Saying “I don’t like a particular m/m ship” is not only fine, it’s par for the course in fandom. Saying “I don’t like how the source text marginalizes female characters” is also fine, and we could probably use more of that sort of thing in fandom, to be honest. Someone writing about the details of their disappointment regarding a work of fiction is also fine. It’s okay to not like things! What is not okay is sending death and rape threats, accusing people of pedophilia, finding someone’s personal information and threatening to contact their family or employer, and doing things like creating a [username]gokillyourself account on AO3 in order to leave comments containing concrete instructions on how to commit suicide. It is a very clear false equivalency to suggest that expressing a negative opinion about a fictional character is “just as bad” as harassing an actual human being.

Fanfic on Tumblr

I just read a brilliant post on Dreamwidth titled “State of the Migration: On fannish archival catastrophes, and what happens next” about, well, exactly what it says on the label. There has been some concern about Pillowfort, and I’ve seen a few curated lists of other alternatives to Tumblr, but I’m going to be honest and admit that what I really want for the next fandom hub is that it’s fanfic friendly. Tumblr was a great platform for visual artists, but it wasn’t such a good place to host or promote writing.

As a fic writer, I believe with all of my heart that fan artists are wonderful, which is why I support a number of them through Patreon, Ko-fi, and commissions. I reblog the work of fan artists because I love it and I want it to spread, even if my contribution to the artists’ success is limited. Almost every writer I know is supportive of artists in their own way. Artists make fantastic contributions to fandom, and they deserve love!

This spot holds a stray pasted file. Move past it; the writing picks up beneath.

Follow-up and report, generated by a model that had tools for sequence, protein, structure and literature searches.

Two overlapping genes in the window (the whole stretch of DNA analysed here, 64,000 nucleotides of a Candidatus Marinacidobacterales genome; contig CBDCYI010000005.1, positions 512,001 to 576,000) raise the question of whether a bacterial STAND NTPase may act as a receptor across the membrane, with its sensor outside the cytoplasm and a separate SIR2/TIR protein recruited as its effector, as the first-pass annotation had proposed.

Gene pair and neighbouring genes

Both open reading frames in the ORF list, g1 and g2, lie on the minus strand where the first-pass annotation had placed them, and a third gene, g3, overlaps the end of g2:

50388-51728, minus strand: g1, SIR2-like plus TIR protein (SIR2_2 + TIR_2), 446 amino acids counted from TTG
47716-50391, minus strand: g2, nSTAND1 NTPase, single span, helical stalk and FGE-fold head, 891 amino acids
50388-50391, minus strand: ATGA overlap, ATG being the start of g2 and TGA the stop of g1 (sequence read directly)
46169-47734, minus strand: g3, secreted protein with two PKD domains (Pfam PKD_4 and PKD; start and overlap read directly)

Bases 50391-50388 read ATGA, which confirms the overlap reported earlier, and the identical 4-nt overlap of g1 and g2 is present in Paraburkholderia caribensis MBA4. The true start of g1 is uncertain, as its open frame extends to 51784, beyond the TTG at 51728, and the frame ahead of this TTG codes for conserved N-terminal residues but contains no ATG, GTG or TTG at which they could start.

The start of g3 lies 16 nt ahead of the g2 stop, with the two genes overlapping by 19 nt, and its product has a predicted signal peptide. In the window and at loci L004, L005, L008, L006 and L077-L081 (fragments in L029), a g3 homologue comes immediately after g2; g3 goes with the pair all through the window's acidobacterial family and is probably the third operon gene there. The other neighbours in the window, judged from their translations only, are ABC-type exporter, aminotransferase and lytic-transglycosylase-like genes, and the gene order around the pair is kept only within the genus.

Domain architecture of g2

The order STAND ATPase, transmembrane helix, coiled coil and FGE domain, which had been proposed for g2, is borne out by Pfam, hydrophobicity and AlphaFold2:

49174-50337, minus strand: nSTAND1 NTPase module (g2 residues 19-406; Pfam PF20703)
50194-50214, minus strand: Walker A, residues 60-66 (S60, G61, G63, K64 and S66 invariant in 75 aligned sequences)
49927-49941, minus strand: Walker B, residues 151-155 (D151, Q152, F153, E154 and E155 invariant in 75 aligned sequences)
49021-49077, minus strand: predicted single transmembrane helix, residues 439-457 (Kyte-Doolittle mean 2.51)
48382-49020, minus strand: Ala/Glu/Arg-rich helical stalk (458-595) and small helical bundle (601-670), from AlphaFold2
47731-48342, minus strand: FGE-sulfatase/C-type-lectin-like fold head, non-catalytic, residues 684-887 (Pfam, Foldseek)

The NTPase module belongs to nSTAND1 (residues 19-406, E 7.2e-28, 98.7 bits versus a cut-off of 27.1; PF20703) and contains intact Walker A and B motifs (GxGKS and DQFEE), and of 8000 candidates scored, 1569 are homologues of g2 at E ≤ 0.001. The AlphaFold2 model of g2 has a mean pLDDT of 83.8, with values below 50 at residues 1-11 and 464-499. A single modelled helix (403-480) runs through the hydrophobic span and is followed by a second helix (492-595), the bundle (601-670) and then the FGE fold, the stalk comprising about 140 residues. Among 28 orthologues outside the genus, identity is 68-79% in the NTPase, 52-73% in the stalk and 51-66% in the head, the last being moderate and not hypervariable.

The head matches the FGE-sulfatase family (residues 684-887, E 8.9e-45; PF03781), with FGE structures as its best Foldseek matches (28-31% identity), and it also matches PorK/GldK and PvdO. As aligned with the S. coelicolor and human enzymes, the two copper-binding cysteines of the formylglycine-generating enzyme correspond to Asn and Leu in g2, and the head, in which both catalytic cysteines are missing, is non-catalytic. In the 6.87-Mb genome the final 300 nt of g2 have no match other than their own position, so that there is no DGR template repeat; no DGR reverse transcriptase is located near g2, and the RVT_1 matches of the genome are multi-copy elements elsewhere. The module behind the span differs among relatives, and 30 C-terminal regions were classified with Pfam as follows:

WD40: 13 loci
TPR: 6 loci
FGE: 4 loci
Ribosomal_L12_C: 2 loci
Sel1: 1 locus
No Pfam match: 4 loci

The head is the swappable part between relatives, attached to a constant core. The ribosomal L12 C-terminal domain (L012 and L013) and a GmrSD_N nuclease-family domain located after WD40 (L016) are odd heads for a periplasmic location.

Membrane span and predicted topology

At the same time, I’ve sometimes felt resentful that many people in Tumblr-based fandom don’t go out of their way to support fic writers in the same way. In fact, most don’t even bother to click on the “like” button of the fic posts that appear in the tags they use on Tumblr. This may seem petty, but it’s actually a big deal. Not only does the small show of support of “liking” a post fill the hearts of writers with joy, but it also figures into the metrics of the Tumblr platform itself, which promotes posts and keeps them from disappearing from the appropriate tags based on how many notes they receive.

I recently read a great essay, Social Contract Theory and Fandom Libertarianism, whose author argues that people with a libertarian approach to fandom want “all the benefits of living in a society without any sort of responsibility for their fellow community members.” I think many fans want the “benefits of living in a society,” such as a steady stream of quality content, positive feedback, encouragement, and the occasional monetary donation – because of course they do – but they may not fully understand why it’s important to help support the community that supports them. After all, the popular fan artists have thousands of followers, and their posts get hundreds (and often thousands) of notes, so the community is doing fine, right?